The argument over writing vs narration sets up a false divide and confuses overlapping approaches that have their own strengths and weaknesses. Narration, questions with written answers, and questions with oral answers all build different skills; so it’s important to use all three approaches, rather than using one to the exclusion of the others. Still, we need to understand what each approach really means so we can use each one well.
Note: I originally wasn’t going to publish this post, and actually abandoned writing it. Seeking Delectare is all about encouragement and practical tips, and I was afraid this post would be too “soap-boxish.” Since then, several people have said they want to know my thoughts on this topic. So I took that as a sign that I needed to finish this post and publish it.
I have no desire to stir a pot, but simply want to share what I’ve learned over the years. Writing this post has even reminded me to once again give narration a place in our own homeschool. All said, I hope you can hear my heart here. — Jen
While Charlotte Mason had a philosophical reason for avoiding questions, we moms tend to be more practical. We’re afraid of killing the love of learning in our children.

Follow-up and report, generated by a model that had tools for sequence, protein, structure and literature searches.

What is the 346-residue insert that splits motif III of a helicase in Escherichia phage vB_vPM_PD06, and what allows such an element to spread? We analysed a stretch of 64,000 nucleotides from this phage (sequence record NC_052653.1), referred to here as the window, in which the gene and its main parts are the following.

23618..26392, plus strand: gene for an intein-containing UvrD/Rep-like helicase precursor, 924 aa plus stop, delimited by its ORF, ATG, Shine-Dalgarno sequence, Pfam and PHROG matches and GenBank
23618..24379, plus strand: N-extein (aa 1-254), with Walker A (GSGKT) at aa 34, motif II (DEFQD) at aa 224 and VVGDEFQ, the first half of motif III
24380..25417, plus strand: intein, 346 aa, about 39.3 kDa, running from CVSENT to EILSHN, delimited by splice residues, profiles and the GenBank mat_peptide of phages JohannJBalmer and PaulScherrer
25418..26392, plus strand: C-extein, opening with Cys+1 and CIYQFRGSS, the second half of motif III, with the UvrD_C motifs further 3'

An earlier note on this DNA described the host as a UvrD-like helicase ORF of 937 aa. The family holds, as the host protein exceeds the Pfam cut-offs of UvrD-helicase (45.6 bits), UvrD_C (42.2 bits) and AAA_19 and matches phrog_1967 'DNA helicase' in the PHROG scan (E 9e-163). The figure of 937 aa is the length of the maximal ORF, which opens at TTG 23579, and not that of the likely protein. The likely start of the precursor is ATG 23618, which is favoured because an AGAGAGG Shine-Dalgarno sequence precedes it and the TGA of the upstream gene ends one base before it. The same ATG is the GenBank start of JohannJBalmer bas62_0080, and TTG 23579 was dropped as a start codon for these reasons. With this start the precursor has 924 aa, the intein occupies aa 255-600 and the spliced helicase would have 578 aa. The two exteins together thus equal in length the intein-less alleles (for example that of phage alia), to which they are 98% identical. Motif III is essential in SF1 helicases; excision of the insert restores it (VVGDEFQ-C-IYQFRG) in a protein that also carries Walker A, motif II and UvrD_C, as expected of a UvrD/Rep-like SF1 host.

Writing is harder than speaking, both physically and mentally, so our children tend to push back on it. We then fear that making our children write answers will lead to frustration and a dislike of what they’re learning.
Writing also takes more time and, as homeschool moms, time is in short supply!
So we decide to let our children answer orally — or to forgo questions altogether and focus on narrations.
The thought is that, as long as the ideas are there, it doesn’t matter how they’re expressed. In the case of narrations, there’s the additional lure of children discovering and relating to a work on their own.
Defining our Terms
As you can see, there are overlapping concepts here: questions, written answers, oral answers, and narration.
In its purest form, narration is a philosophical approach that views questions as interruptions to a child’s thought process. Narration discourages anyone from coming between a child and the text before or during the narration.
“A few pedagogic maxims should help us, such as, ‘Do not explain,’ ‘Do not question,’ ….” (Charlotte Mason, Vol. 6, p. 304).
“A narration should be original as it comes from the child — that is, his own mind should have acted upon the matter it has received.” (Ibid., Vol. 1, p. 289).
“When the narration is over, there should be a little talk in which moral points are brought out, pictures shown to illustrate the lesson, or diagrams drawn on the blackboard” (Ibid., Vol. 1, p. 233).
Classical education, however, sees questions as essential guides in the process of reading and learning from a text. This approach implements questions differently than other educational methods. They’re meant to guide a student back through a text or idea. They’re not a “tell me what you know” pop quiz disguised as a workbook page.